Discrimination towards a group based on physical traits or sexual orientation is wrong. And while heightism may not be on your radar, keep in mind the broken window theory the next time you hear a seemingly innocuous or playful joke against a particular group as it may act as a stepping stone to further transgressions against that group or others. For example, I was shocked to learn that a teacher at the high school I graduated from allowed students to recite a holiday jingle about the KKK. How and where did the teacher and students understand this to be acceptable behavior? If their respective friends and family had stepped in, the situation may never have happened. It all starts with one broken window left in disrepair.

While seeking a new Fed Chair, President Donald Trump (6’3″) made it known that he had doubts about hiring Janet Yellen (5’3″) due to her height. Meanwhile, he himself has likely stretched the tale of the tape if you consider the following:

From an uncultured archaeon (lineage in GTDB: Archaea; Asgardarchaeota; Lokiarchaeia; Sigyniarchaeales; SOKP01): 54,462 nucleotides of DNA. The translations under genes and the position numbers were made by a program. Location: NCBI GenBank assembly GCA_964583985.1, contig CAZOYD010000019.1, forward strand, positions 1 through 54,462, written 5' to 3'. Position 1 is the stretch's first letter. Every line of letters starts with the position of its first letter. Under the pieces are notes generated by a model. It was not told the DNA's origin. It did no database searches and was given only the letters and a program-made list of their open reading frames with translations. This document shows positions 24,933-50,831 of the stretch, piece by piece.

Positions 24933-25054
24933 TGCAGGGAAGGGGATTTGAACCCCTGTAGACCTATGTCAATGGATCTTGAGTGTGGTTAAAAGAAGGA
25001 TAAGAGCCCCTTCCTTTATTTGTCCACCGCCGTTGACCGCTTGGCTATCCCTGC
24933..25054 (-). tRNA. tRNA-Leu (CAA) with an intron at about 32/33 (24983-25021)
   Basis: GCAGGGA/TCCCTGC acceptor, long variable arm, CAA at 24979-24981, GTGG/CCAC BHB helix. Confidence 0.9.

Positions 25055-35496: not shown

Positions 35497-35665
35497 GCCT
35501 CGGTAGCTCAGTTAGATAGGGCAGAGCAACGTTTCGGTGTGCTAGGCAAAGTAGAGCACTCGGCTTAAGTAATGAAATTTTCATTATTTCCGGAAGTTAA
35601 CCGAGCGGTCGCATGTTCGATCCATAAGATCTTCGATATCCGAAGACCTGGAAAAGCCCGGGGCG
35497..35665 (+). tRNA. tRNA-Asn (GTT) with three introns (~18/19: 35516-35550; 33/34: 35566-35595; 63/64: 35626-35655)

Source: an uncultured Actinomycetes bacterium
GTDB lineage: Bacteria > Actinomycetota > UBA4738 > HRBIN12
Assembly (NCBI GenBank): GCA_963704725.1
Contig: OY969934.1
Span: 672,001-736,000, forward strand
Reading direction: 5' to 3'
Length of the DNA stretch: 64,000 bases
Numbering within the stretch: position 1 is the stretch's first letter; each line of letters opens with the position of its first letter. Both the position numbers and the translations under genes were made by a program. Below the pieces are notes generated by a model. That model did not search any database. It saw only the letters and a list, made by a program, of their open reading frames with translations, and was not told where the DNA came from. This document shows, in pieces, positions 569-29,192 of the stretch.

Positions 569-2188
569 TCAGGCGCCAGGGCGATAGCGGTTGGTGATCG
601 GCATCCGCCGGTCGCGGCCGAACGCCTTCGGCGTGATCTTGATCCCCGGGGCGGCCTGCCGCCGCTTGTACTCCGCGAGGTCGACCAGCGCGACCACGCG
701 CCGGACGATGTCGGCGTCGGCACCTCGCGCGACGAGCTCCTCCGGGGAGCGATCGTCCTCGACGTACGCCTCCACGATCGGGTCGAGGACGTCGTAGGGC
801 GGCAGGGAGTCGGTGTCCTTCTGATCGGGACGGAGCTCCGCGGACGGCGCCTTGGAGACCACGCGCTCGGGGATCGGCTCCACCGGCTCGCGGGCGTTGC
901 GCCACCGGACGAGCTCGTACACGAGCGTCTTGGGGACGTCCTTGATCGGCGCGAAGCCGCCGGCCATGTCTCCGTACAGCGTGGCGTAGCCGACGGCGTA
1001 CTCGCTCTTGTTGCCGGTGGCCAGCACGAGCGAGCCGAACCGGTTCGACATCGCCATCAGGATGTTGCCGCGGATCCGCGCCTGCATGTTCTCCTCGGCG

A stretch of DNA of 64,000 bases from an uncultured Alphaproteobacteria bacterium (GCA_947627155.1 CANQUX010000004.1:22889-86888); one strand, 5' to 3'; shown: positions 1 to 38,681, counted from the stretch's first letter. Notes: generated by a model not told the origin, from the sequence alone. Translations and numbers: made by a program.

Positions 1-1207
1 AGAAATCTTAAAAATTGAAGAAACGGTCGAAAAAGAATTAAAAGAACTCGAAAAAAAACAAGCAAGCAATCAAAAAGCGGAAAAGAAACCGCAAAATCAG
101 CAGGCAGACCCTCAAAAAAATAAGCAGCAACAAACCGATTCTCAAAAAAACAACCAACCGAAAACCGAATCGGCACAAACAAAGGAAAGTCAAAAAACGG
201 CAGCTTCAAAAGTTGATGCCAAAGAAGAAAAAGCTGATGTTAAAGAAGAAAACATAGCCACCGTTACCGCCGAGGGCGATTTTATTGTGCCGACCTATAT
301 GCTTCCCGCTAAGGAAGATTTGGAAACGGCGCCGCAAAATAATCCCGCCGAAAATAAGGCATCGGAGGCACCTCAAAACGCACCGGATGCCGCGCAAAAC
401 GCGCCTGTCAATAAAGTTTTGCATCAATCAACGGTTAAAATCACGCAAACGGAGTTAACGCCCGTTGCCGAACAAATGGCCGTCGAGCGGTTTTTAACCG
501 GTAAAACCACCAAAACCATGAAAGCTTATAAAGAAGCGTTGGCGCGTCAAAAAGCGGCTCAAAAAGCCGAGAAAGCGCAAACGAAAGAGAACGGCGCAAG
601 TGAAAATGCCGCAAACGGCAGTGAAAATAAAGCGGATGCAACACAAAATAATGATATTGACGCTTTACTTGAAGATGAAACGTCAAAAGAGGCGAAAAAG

• His driver’s ID listed him as 6’2″ prior to taking office (height info is self-reported, men tend to add 1″-2″)
  • After taking office and taking a required physical exam, he grew to 6’3″ (after age 50 people will shrink an average of 1″-3″ due to vertabrae dehydration and loss of bone density)

So what’s the big deal about adding an inch? For President Trump, the benefits are two-fold:

  • He claims status as the third tallest U.S. President in history
  • He dodges the “obese” label due to body mass index (BMI)

When psychologists and others discuss equal rights, inclusion of height bias / heightism makes sense given the impact it has on society. Hopefully Nobel Peace Prize nominee Steven Pinker or another world-renowned cognitive psychologist will educate the masses of its importance. To ignore the fact that heightism exists would impede progress and the Enlightenment.